Stars: Jean-Paul Belmondo, Anna Karina, Graziella Galvani
Comedy | Drama
    1 2 3 4 5 6 7 8 9 10 6.2/10 X  

On a movie set, in a factory, and at a hotel, Godard explores the nature of work, love and film making. While Solidarity takes on the Polish government, a Polish film director, Jerzy, is ... See full summary »

Director: Jean-Luc Godard
Stars: Isabelle Huppert, Hanna Schygulla, Michel Piccoli
Weekend (1967)
Comedy | Drama
    1 2 3 4 5 6 7 8 9 10 7.4/10 X  

A supposedly idyllic week-end trip to the countryside turns into a never-ending nightmare of traffic jams, revolution, cannibalism and murder as French bourgeois society starts to collapse ... See full summary »

Director: Jean-Luc Godard
Stars: Mireille Darc, Jean Yanne, Jean-Pierre Kalfon
    1 2 3 4 5 6 7 8 9 10 6.4/10 X  

Seven directors each dramatize one of the seven deadly sins in a short film. In "Anger," a domestic argument over a fly in the Sunday soup escalates into nuclear war. In "Sloth," a movie ... See full summary »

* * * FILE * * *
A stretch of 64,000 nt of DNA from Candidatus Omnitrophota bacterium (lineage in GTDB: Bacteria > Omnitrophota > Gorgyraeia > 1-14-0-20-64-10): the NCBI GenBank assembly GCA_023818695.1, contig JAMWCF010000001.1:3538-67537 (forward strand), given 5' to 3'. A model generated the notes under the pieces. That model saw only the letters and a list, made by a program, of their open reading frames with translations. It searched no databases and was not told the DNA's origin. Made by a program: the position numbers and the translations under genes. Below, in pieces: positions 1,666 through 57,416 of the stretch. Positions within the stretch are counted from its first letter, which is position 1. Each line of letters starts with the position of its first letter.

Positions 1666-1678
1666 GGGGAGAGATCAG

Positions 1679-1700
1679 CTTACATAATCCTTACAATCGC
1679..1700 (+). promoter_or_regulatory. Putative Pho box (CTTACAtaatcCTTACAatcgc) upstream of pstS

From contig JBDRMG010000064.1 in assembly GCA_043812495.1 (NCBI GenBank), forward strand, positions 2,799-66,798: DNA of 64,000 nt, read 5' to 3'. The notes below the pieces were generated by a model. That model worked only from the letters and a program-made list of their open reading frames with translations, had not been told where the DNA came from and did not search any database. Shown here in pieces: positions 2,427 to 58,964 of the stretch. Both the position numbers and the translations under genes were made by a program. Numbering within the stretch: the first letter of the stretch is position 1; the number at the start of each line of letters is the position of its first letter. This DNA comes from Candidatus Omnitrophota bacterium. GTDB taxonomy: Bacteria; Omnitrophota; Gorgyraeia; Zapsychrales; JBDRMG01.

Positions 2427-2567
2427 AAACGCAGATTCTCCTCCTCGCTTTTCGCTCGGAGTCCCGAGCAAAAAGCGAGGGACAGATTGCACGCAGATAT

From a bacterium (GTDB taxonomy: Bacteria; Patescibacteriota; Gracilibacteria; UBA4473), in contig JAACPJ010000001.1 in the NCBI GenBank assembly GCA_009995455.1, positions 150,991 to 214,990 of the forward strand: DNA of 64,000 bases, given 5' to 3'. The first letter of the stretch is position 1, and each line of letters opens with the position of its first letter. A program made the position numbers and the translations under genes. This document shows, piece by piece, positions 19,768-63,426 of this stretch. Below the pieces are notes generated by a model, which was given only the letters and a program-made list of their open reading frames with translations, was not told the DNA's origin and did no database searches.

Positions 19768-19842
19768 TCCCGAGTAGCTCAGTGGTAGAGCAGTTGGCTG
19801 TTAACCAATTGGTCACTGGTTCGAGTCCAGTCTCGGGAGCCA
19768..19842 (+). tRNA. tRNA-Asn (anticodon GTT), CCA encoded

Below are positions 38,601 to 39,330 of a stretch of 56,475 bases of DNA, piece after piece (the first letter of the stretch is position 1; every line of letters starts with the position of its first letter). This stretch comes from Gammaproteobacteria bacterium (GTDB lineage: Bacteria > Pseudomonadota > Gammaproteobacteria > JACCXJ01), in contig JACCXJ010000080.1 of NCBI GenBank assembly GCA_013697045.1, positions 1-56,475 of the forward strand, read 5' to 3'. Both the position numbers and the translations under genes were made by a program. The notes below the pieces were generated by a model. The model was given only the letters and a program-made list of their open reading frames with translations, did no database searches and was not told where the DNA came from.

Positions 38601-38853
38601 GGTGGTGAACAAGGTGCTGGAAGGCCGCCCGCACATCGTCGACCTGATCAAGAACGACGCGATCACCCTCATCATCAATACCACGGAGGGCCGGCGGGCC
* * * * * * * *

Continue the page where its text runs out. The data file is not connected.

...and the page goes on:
Directors: Eugène Ionesco, Philippe de Broca, and 7 more credits »
Stars: Marie-José Nat, Dominique Paturel, Danièle Barraud
Numéro deux (1975)
    1 2 3 4 5 6 7 8 9 10 6.8/10 X  

An analysis of the power relations in an ordinary family.

Director: Jean-Luc Godard
Stars: Sandrine Battistella, Jean-Luc Godard, Pierre Oudrey
Breathless (1960)
Crime | Drama | Romance
    1 2 3 4 5 6 7 8 9 10 8/10 X  

A small-time thief steals a car and impulsively murders a motorcycle policeman. Wanted by the authorities, he reunites with a hip American journalism student and attempts to persuade her to run away with him to Italy.

Director: Jean-Luc Godard
Stars: Jean-Paul Belmondo, Jean Seberg, Daniel Boulanger
Notre musique (2004)
    1 2 3 4 5 6 7 8 9 10 7/10 X